Last year when this race happened I was rolling out for my last long ride going into IM Cozumel. It starts less than 1/4 mile from my house, so this year I was happy to sign up and smash it into my last "long" run going into IM Arizona. And really, the only reason I'm bothering to write a report for it at all is because our friend Rick came out and took some amazing photographs, so don't bother reading the words, just look at the pretty pictures and click away.
I dragged a few of my local athletes into this race, and did about a half-hour easy warm-up with one. The morning was cold enough that I warmed up in crops and a long sleeve but then changed at the last second into shorts and a tee shirt. My very rough plan for the race was to run a couple of miles easy and then a couple of miles somewhere around ironman race effort and/or pace, ish. So I decided I would run the first couple of miles with one of my athletes to have some company as we all know I am a number one chatterbox. (This is Emma, she let me bend her ear for an hour while she hauled ass).
There were a few mats on the ground so I wasn't entirely sure where the race started, and the GPS on my Garmin decided to sleep in (90 minutes of running = .35 miles covered, ironman confidence booster success), plus I was talking so much that I kept forgetting to hit the lap button at the mile markers anyway. So I quite literally have no idea how the race went down. After the second mile, Emma was working hard and I decided that I would stay with her and whip her ass instead of trotting away. I know that when I'm racing hard, I like having something to occupy my thoughts other than ow holy shit F ow, so I babbled on and on about whatever happened to drift across my mind as we clicked off the miles. (Anyone who has run with me ever knows what this is like).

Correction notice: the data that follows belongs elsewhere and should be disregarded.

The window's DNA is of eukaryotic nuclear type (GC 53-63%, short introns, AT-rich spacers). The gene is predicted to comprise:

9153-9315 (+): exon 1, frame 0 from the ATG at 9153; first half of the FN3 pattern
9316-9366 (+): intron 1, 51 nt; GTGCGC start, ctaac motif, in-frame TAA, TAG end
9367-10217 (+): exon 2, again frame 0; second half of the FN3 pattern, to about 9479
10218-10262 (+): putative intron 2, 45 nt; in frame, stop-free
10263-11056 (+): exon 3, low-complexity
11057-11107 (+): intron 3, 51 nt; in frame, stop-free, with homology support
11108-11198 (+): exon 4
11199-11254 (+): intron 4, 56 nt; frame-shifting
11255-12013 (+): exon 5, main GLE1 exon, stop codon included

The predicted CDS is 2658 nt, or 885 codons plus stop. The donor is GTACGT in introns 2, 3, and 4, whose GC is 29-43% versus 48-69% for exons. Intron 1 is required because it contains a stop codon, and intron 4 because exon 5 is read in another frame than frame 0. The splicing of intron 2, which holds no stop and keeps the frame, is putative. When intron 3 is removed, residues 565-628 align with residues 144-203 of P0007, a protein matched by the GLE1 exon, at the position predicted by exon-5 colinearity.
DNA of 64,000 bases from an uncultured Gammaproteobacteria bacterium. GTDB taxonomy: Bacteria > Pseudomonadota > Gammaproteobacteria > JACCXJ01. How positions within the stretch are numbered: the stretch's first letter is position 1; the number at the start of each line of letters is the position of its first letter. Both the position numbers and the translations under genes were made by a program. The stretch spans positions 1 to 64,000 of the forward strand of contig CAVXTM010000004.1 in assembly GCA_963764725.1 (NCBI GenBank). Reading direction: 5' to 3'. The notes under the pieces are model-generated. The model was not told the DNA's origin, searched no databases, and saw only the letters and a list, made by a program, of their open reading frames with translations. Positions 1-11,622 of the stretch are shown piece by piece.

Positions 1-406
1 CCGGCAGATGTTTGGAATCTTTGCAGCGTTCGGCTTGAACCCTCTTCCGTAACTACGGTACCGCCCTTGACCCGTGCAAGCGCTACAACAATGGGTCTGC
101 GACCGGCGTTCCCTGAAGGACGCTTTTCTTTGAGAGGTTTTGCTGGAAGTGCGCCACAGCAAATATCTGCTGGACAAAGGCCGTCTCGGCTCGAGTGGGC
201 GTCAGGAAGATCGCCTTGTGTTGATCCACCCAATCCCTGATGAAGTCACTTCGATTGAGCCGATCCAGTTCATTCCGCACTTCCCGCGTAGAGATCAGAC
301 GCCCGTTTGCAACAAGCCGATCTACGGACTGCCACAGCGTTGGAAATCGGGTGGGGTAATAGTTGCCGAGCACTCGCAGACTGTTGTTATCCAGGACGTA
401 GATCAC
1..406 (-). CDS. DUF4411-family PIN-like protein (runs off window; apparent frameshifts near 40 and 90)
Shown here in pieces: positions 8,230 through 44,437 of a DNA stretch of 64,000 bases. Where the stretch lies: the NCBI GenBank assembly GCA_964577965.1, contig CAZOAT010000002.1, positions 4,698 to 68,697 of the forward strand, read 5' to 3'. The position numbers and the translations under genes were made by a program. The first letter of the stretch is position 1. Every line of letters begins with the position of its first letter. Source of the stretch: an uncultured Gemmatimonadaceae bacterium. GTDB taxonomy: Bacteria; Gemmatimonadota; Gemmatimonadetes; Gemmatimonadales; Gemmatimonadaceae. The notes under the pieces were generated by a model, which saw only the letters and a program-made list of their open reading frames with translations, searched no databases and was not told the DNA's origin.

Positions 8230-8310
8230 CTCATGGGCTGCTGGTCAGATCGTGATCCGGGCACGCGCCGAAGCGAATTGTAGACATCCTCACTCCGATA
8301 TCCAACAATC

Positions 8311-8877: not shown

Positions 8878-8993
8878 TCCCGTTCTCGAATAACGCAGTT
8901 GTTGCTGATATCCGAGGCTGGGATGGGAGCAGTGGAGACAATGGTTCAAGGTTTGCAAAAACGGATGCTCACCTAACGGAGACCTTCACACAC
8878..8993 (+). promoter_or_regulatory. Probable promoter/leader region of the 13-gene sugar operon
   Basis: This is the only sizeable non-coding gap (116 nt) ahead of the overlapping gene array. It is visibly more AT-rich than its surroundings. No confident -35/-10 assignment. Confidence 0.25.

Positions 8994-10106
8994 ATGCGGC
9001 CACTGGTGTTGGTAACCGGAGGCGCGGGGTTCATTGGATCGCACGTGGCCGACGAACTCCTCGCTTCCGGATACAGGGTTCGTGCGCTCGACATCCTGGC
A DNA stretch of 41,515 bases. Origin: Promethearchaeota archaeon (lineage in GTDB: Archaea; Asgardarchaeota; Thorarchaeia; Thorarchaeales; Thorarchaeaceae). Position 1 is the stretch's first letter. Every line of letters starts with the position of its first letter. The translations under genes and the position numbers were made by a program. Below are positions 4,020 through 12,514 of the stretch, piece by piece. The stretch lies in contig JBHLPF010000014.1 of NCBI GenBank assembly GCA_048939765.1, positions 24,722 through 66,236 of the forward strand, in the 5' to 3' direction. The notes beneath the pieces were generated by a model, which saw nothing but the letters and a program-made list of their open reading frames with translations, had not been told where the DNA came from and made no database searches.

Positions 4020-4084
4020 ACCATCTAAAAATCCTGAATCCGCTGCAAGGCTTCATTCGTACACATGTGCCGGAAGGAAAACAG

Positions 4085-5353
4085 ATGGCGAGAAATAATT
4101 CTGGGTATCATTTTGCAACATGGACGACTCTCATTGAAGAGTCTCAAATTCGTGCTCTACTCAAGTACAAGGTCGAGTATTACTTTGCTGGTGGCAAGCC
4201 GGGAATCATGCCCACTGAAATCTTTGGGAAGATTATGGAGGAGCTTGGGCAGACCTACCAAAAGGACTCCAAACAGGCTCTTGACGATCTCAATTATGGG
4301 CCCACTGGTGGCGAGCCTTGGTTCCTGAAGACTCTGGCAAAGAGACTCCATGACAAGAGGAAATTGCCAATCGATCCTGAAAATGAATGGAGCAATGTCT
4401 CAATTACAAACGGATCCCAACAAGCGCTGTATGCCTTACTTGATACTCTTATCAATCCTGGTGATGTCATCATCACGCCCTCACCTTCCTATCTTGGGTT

I started picking out people for us to chase down, yap yap yapping away, trying to distract Emma from how much I knew she was hurting. We caught the guy (girl?) in the weird crops, the pink shorts girl and the guy dressed as a turkey. The poet trotted back to find us after he crossed the finish and he did some extra-loud last-ditch go-go-go yelling at Emma and then that was it, we were over the line.
My biggest takeaway from this race had nothing to do with how I ran, or running at all, but instead how much fun it was to be out participating in a race, being a part of the community, chatting merrily along on a sunny Saturday morning. For me, the best work I could have done that day was to move my body and be happy, that was what I needed to be ready for ironman. Not worrying about the watch or paces or heart rate or even how many miles I ran, but instead, clearing out my head, chasing fun. I had two athletes racing themselves and they both had strong, I would daresay, breakthrough races. And the greatness of the day belongs to them. I love coaching. I love working with every single one of my athletes, I love when they want to tackle their weaknesses and their challenges and there is joy in that work being done. But the moments that are more rare are when an athlete makes a huge leap forward. It's spectacular to witness, to stand by when all the pieces come together and someone is thrilled, exhausted, at peace, motivated, and dreaming bigger than before about the future. Those days as a coach are truly better than any day I will ever have myself as an athlete.
And with that, one week until ironman.